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Human rights and legal aspects

2020: European Dementia Monitor, Comparing and benchmarking national dementia strategies and policies

5 Human rights and legal aspects

5.1 Legal Issues

5.1.1 What did we look at and why?

Information on legal issues can serve to empower people with dementia and their carers by ensuring that they are aware of their rights and of certain legal measures designed to offer some form of protection. With regard to healthcare decision making by people with dementia, our survey looked at issues such as the use of advance directives, consent, health care proxies, and financial proxies. Alzheimer Europe asked member associations to answer the following questions on legal issues in their country:

  1. Is there a legal framework for advance directives?
  2. Are there legal mechanisms for people to appoint or to have appointed health care proxies?
  3. Are there legal mechanisms for people to appoint or to have appointed financial proxies?

Alzheimer Europe also examined whether people under guardianship or with limited legal capacity were protected from losing the right to vote, primarily using reports of the Fundamental Rights Agency (for EU countries).

5.1.2 Results

Table 9 provides the full results of the country responses. 

Overall, the findings from countries were broadly positive, with eight countries (Austria, Croatia, Israel, Italy, Turkey, UK- England and Scotland) scoring full marks in this section, an increase of two countries compared with 2017. Additionally, slightly more than half of countries scored 75%, having three of the four legal mechanisms in place.  

As can be seen from figure 12, the majority of countries have legal provisions for at least one of advance directives, health proxies or financial proxies. By contrast, less than a third of countries protect the voting rights of persons under guardianship or who have been deemed to have lost capacity.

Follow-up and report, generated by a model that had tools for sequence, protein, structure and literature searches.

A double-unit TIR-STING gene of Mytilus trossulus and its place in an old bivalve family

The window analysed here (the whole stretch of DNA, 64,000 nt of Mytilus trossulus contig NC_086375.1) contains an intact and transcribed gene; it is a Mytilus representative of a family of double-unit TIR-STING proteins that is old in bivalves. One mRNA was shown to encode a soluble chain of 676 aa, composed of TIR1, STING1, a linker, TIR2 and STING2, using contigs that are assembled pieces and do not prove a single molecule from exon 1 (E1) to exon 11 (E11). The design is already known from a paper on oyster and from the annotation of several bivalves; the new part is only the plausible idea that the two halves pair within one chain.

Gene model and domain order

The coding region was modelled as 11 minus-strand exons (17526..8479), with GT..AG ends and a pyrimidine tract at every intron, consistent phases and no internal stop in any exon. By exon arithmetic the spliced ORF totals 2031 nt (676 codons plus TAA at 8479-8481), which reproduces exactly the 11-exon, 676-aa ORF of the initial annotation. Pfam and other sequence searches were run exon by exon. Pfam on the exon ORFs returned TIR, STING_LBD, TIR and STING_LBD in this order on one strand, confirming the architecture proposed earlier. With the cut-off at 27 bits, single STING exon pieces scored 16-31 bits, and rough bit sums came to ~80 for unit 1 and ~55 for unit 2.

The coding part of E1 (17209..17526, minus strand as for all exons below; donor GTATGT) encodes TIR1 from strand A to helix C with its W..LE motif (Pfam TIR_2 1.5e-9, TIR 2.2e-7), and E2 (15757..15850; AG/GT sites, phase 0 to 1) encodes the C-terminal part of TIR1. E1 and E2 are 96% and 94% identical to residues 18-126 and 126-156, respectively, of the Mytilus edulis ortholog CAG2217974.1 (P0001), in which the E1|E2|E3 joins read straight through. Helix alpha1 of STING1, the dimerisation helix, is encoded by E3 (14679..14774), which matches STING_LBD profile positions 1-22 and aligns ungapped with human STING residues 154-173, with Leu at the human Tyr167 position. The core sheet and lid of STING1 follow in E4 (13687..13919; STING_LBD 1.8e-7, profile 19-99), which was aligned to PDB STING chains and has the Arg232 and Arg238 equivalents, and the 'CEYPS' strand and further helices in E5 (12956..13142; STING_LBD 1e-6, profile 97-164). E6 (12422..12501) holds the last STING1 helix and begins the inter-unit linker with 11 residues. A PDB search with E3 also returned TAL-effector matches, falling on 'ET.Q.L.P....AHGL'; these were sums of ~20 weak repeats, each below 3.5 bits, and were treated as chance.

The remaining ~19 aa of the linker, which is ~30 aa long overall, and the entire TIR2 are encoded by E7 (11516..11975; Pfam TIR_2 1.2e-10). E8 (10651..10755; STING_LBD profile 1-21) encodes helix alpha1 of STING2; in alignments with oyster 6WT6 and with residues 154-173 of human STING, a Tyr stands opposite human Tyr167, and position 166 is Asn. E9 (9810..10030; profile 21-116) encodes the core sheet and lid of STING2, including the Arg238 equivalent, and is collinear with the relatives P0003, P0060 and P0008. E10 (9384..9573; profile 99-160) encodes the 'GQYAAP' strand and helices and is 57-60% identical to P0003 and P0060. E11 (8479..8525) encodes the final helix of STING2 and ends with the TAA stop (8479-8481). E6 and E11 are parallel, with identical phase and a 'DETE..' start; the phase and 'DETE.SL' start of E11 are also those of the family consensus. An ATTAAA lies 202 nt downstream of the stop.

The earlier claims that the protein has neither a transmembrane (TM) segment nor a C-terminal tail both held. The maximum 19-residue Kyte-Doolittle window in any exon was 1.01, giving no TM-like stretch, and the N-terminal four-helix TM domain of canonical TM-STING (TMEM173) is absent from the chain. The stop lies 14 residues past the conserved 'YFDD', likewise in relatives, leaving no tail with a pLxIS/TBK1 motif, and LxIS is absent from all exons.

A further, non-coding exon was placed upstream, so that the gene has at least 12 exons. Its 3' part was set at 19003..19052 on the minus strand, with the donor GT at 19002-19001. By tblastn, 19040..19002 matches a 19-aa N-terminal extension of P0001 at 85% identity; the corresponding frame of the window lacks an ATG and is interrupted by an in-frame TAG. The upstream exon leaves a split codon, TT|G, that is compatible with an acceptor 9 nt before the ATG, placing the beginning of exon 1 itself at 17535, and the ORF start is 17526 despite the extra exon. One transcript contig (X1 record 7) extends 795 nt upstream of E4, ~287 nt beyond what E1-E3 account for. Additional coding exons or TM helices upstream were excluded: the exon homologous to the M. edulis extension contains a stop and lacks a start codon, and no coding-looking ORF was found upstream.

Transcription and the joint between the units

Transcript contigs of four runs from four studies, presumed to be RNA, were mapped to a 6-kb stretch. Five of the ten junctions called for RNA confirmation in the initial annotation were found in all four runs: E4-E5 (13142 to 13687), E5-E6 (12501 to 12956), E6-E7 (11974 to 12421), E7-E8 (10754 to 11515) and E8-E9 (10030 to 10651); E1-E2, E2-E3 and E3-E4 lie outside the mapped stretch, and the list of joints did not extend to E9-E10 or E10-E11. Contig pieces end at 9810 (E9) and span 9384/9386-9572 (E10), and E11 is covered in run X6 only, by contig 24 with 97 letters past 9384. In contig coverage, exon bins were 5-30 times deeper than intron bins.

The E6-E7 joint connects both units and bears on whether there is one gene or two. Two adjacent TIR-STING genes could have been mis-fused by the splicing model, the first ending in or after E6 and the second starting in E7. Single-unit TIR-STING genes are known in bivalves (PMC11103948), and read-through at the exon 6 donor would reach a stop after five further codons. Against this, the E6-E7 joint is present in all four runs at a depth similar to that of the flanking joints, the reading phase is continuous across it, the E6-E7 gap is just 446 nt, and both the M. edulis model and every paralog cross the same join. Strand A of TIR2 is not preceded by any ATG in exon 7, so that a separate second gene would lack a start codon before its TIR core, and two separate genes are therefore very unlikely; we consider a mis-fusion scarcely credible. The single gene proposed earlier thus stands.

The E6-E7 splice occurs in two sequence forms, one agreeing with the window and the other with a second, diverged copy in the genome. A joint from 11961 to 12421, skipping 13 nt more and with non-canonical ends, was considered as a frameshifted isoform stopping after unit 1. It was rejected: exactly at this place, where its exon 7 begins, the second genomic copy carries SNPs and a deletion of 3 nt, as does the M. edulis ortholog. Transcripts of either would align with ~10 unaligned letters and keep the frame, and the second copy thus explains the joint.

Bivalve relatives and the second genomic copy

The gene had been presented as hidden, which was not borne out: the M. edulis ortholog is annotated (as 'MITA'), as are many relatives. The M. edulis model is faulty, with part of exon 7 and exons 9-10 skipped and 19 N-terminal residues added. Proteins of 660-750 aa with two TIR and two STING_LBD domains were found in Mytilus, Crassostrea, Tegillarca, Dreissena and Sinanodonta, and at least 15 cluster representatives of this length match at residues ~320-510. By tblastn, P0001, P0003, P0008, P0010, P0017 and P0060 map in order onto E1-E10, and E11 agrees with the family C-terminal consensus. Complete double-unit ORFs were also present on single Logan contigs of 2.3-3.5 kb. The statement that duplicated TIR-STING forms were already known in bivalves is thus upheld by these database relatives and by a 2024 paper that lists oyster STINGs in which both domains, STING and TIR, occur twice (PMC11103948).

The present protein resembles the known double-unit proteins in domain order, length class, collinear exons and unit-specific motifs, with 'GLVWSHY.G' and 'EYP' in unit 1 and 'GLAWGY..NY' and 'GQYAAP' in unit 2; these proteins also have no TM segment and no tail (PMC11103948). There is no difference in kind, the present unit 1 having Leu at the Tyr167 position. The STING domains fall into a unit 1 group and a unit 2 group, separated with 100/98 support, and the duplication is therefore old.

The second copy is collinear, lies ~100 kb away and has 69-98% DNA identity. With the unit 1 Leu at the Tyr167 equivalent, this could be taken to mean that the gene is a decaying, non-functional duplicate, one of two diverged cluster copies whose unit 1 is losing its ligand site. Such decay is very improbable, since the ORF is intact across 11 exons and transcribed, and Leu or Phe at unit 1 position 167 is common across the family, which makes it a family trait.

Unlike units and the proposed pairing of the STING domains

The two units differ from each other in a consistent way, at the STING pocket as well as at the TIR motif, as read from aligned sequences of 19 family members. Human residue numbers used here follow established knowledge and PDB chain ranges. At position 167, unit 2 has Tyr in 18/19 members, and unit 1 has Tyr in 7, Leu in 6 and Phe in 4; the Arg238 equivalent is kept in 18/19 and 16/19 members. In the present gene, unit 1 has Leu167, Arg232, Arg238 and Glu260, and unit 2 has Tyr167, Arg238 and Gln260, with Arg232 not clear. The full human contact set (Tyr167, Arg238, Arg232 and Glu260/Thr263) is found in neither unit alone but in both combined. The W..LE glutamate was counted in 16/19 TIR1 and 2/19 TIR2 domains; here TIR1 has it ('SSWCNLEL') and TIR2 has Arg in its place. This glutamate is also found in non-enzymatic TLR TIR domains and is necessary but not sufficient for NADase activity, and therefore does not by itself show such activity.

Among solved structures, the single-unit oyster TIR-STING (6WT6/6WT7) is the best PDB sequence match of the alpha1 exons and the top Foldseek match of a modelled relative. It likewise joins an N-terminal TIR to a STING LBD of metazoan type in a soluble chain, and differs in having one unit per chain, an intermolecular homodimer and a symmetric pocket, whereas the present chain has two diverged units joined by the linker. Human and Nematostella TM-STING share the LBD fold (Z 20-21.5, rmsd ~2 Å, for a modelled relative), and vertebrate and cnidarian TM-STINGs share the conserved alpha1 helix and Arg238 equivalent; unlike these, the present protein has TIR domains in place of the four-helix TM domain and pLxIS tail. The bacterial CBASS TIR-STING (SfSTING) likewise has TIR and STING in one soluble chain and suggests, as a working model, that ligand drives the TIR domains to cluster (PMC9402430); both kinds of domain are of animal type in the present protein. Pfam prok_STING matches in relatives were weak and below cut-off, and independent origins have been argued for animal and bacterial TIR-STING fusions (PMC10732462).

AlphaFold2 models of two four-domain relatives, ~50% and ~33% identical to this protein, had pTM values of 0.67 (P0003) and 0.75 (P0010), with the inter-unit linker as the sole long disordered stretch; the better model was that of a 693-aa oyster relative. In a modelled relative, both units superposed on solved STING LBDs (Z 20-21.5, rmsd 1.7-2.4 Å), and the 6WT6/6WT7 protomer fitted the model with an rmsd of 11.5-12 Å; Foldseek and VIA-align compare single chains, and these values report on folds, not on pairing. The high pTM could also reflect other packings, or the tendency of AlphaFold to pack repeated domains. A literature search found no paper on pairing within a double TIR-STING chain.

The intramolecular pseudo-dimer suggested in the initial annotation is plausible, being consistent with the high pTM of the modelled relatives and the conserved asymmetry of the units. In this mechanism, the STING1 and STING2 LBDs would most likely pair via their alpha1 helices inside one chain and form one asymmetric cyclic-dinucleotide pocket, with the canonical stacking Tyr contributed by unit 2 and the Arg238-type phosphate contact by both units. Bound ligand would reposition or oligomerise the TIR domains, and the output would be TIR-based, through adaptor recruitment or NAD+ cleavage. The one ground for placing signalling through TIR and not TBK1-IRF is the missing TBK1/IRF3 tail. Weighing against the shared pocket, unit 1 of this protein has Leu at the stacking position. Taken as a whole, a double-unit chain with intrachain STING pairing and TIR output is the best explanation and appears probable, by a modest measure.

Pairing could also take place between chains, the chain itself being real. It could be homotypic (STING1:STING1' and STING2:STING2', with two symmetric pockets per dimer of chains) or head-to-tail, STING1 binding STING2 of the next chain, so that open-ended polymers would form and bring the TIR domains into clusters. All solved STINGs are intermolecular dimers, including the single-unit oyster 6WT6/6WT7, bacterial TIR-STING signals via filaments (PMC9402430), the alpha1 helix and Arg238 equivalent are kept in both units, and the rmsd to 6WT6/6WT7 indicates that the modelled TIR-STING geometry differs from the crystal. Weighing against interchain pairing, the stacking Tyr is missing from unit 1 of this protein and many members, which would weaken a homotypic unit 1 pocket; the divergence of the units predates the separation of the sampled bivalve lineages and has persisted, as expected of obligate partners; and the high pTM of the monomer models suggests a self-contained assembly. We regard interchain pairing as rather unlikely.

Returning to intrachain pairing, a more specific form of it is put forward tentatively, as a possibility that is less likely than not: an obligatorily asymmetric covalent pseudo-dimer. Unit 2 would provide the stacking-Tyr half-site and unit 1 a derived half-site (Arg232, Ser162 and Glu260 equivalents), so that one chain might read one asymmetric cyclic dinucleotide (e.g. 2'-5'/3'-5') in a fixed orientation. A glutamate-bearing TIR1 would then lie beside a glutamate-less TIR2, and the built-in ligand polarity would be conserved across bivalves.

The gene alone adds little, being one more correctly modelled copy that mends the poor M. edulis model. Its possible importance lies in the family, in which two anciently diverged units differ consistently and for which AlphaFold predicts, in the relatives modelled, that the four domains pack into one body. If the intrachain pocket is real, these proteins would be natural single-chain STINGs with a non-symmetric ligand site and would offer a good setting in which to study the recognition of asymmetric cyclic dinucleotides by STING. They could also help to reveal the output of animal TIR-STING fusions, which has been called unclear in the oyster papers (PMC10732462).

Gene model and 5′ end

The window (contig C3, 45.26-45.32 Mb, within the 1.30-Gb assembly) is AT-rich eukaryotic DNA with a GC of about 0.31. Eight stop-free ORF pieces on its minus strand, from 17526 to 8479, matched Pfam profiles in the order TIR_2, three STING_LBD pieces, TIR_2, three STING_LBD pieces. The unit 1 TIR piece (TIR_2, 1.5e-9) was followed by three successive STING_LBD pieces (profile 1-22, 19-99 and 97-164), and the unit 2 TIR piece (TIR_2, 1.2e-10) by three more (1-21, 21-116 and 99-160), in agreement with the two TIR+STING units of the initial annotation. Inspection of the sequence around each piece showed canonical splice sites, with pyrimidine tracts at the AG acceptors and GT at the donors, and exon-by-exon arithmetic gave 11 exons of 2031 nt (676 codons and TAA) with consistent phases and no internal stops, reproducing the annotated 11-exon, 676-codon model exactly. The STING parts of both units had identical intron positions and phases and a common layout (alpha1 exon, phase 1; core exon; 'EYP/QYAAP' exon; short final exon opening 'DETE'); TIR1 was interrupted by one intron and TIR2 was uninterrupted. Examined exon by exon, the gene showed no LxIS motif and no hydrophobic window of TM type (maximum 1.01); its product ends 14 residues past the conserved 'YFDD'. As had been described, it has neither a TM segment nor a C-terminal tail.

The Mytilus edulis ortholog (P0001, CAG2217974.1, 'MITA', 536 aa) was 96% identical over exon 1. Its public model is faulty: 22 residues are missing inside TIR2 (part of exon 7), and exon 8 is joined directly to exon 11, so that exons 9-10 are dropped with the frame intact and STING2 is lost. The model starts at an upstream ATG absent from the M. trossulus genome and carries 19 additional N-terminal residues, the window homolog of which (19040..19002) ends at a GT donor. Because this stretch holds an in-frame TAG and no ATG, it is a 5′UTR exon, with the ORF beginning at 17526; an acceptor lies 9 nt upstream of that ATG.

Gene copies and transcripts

5.1.3 How did we score countries?

Countries could score a maximum of 4 points. Countries were scored 1 point if the different legal safeguards and mechanisms were in place for people with dementia in the country.

Based on the results, it is possible to rank European countries as indicated in figure 13, which shows the points expressed as percentages of the maximum possible score.

5.2 International and European Treaties

5.2.1 What did we look at and why?

It is important to recognise and promote the rights, dignity and autonomy of people living with dementia. These rights are universal, and guaranteed in the European Convention of Human Rights, the Universal Declaration of Human Rights and the Convention on the Rights of Persons with Disabilities.

For this section, Alzheimer Europe used the information publicly available on the following websites: un.org, coe.int, hcch.net to identify whether countries had signed or/and ratified the following European/International Treaties:

  1. United Nations Convention Rights of People with Disabilities (UNCRPD)
  2. Optional Protocol to the Convention on the Rights of Persons with Disabilities
  3. The Hague Convention for the Protection of Vulnerable Adults
  4. Council of Europe Convention on Human Rights and Biomedicine
  5. Additional Protocol to the Convention on Human Rights and Biomedicine concerning Genetic Testing for Health Purposes
  6. Additional Protocol to the Convention on Human Rights and Biomedicine, concerning Biomedical Research

5.2.2 Results

The detailed answers regarding the signing and ratification of treaties can be found in table 10.

With the exception of Jersey, all countries have ratified the UN Convention for the Rights of People with Disabilities, of which, Bulgaria, Czech Republic, Iceland and Romania have signed the Optional Protocol, whilst Ireland, Norway and Poland neither signed nor ratified the Optional Protocol.

Fewer than a third of countries (Austria, Cyprus, Czech Republic, Germany, Finland, France, Latvia, Portugal, Switzerland and the UK – Scotland) have ratified The Hague Convention on the Protection of Vulnerable Adults, whilst a further seven (Belgium [Flanders included], Greece, Ireland, Italy, Luxembourg, Netherlands and Poland), have signed the Convention.

In relation to Council of Europe Conventions and Protocols, over half of the countries have ratified the Council of Europe Convention on Human Rights and Biomedicine, whilst fewer than a quarter have signed or ratified the protocol on genetic testing, with half of countries having signed or ratified the protocol on biomedical research.